705. Our Laraha’s Bitter Smell of Success

Not much has changed over the past 117 years (same age-old recipe, same copper still, same wooden knife) so I was particularly intrigued when Senior & Co revealed their new website and label today.

Comparing the two labels, it seems Senior & Co have decided to:

– drop the ‘orange’ Laraha… in favor of a façade of Landhuis Chobolobo (home of Senior’s Curaçao liqueur since 1947)

– emphasize “The Genuine” nature of their liqueur as in “The Genuine Curaçao Liqueur” (indicated by increased font size and title addition)

– drop “Curaçao of Curaçao”, in favor of “Curaçao” (plain and simple)

– add “Triple Sec” (surely to clarify that there’s no difference between Curaçao and Triple Sec)

Granted, one ingredient and one ingredient only, makes “The Genuine Curaçao Liqueur” truly worthy of ‘genuine’: our awesome Laraha.

So here are 8 things you should know about our Laraha: 

1. Valencia orange transplanted by Spanish colonizers in the 1500s + Curaçao’s dry soil + sizzling equatorial sun = mutant bitter green ‘orange’. Perhaps our soil’s ‘F#%# You’ to colonization?!

2. Contrary to popular and predictable belief, our ‘orange’ is green, people, green.

3.  The Spanish considered the mutant ‘orange’ “inútil” (much like the rest of our island), so they left it unnamed. Even our goats, so tickled by bitterness, left our ‘orange’ untouched, free to grow wild.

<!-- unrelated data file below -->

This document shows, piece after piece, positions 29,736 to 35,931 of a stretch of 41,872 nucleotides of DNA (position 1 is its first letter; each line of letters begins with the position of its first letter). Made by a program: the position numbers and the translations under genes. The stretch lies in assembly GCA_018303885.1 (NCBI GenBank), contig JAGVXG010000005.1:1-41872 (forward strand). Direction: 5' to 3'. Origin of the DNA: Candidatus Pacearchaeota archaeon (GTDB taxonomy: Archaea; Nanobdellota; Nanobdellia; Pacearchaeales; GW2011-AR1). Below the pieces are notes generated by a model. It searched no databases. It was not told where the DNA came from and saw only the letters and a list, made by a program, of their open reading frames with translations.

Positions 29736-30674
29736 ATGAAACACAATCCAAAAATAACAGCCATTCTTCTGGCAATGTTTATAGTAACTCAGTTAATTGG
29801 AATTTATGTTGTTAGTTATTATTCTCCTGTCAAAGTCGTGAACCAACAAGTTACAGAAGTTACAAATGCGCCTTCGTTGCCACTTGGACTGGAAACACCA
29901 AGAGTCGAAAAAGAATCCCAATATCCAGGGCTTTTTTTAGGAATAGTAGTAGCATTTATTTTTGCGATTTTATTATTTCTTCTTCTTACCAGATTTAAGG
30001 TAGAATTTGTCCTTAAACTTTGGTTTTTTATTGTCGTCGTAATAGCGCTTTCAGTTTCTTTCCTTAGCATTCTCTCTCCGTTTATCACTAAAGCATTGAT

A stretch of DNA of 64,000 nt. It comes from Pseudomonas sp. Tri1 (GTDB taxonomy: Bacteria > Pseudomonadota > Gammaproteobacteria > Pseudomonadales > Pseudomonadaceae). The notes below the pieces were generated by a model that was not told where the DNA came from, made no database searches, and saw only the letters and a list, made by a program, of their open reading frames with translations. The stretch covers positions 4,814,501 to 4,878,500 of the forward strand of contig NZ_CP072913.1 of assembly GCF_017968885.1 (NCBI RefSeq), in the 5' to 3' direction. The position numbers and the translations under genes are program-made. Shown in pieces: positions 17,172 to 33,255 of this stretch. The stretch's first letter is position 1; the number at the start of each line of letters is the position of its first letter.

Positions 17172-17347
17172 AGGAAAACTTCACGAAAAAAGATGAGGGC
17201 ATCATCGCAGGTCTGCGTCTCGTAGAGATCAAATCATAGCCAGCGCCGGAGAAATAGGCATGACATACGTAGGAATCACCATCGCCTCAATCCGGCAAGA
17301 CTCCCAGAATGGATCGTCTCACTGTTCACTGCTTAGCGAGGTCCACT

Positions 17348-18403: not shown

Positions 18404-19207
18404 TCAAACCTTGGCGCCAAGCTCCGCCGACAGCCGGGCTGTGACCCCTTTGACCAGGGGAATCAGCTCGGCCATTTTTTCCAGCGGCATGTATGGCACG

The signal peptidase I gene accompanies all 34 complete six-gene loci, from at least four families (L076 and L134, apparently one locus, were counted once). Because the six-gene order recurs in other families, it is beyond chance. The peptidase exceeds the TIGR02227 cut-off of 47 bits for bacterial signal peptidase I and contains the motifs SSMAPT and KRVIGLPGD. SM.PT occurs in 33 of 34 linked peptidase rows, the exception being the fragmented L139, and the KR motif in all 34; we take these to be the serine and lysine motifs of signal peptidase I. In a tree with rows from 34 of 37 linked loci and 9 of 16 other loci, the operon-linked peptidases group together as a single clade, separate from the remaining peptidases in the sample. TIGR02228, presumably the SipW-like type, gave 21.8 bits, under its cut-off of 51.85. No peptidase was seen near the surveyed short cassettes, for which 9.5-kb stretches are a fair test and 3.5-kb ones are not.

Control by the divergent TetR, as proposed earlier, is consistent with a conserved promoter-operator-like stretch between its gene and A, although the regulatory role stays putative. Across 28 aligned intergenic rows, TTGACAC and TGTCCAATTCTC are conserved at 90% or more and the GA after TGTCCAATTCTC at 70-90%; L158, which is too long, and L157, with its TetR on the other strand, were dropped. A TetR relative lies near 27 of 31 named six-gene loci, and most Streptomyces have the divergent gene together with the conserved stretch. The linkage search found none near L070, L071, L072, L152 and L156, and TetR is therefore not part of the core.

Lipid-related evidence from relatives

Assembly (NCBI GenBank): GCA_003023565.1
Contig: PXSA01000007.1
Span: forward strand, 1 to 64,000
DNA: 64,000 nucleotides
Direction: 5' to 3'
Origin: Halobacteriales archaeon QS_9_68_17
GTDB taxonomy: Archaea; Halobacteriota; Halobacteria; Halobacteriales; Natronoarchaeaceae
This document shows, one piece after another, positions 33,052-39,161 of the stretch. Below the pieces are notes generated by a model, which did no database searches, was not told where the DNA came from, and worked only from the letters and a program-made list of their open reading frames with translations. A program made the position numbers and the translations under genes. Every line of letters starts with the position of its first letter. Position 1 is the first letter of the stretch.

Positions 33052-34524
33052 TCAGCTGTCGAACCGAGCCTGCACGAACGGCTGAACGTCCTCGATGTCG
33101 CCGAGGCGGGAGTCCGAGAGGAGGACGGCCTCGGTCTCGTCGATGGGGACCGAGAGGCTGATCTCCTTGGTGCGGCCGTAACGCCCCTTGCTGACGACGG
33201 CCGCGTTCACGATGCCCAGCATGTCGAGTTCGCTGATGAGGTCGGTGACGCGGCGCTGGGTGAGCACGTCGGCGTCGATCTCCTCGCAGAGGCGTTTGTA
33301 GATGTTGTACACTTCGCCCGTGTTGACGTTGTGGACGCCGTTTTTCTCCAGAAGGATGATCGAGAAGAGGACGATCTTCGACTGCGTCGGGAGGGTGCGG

4.  The Portuguese arrived in the mid-1600s and found our (by then) wild ‘orange’ and decided to name it “Laraha” (orange in Portuguese = “Laranja”). “Laraha” stuck in Papiamentu as well.

5.  The scientific world came to the conclusion that the Laraha only grows in Curaçao… so they baptized our Laraha “Citrus Aurantium Curassuviensis”, Latin for “Golden Citrus of Curaçao” (ours isn’t exactly ‘golden’, but we appreciate the rich accolade nonetheless)

6. In the mid-1900s, some yu’i Kòrsou discovered that sun-dried Laraha peels produce an explosion of aromatic, etheric oils. So some of our sophisticated alkies decided to experiment with the oil and developed (secret) family liqueur recipes (stay tuned for all the intrigue in a later post)

7. Even the father of Triple Sec, Edouard Cointreau of France, who visited Curaçao in the mid-1900s  came to appreciate the fragrance of the Laraha’s bitter dried peels, so much so that he decided to combine them with sweet oranges and make an aperitif.

8. Senior & Co. has been around since 1896 and is the only company in the world that uses authentic Laraha oil in Curaçao liqueur. If that’s not genuine, I don’t know what is.

—————

Advertentie 2013

Curaçao is home to some and far to most, now you can buy Senior & Co.’s “Genuine Curaçao Liqueur” online:

www.thefind.com 
www.wine-searcher.com 
www.caskstore.com 
www.beltramos.com 
www.hitimewine.net 
www.drinkupny.com 
www.astorwines.com 
www.specsonline.com 
www.shoppersvineyard.com
www.suburbanwines.com 
www.1000corks.com

—————

Also: 716. The Multi-Cultural Spirit ‘Curaçao of Curaçao’

About 1000awesomethingsaboutcuracao

I'm Carolina Gomes-Casseres, the creator of 1000 Awesome Things About Curaçao. I live in and love Manhattan, but sometimes miss my first Awesome island...

4 comments

  1. Pingback: 716. The Multi-Cultural Spirit ‘Curaçao of Curaçao’ | 1000 Awesome Things About Curaçao

  2. Pingback: 663. Curaçao Icon: White-Tailed Deer | 1000 Awesome Things About Curaçao

  3. Pingback: 643. Curaçao Icon: Drought-Resilient Deer | 1000 Awesome Things About Curaçao

  4. SHAILESH Kumar GUPTA

    How long we can preserve this liqueur. Validity of consumption.

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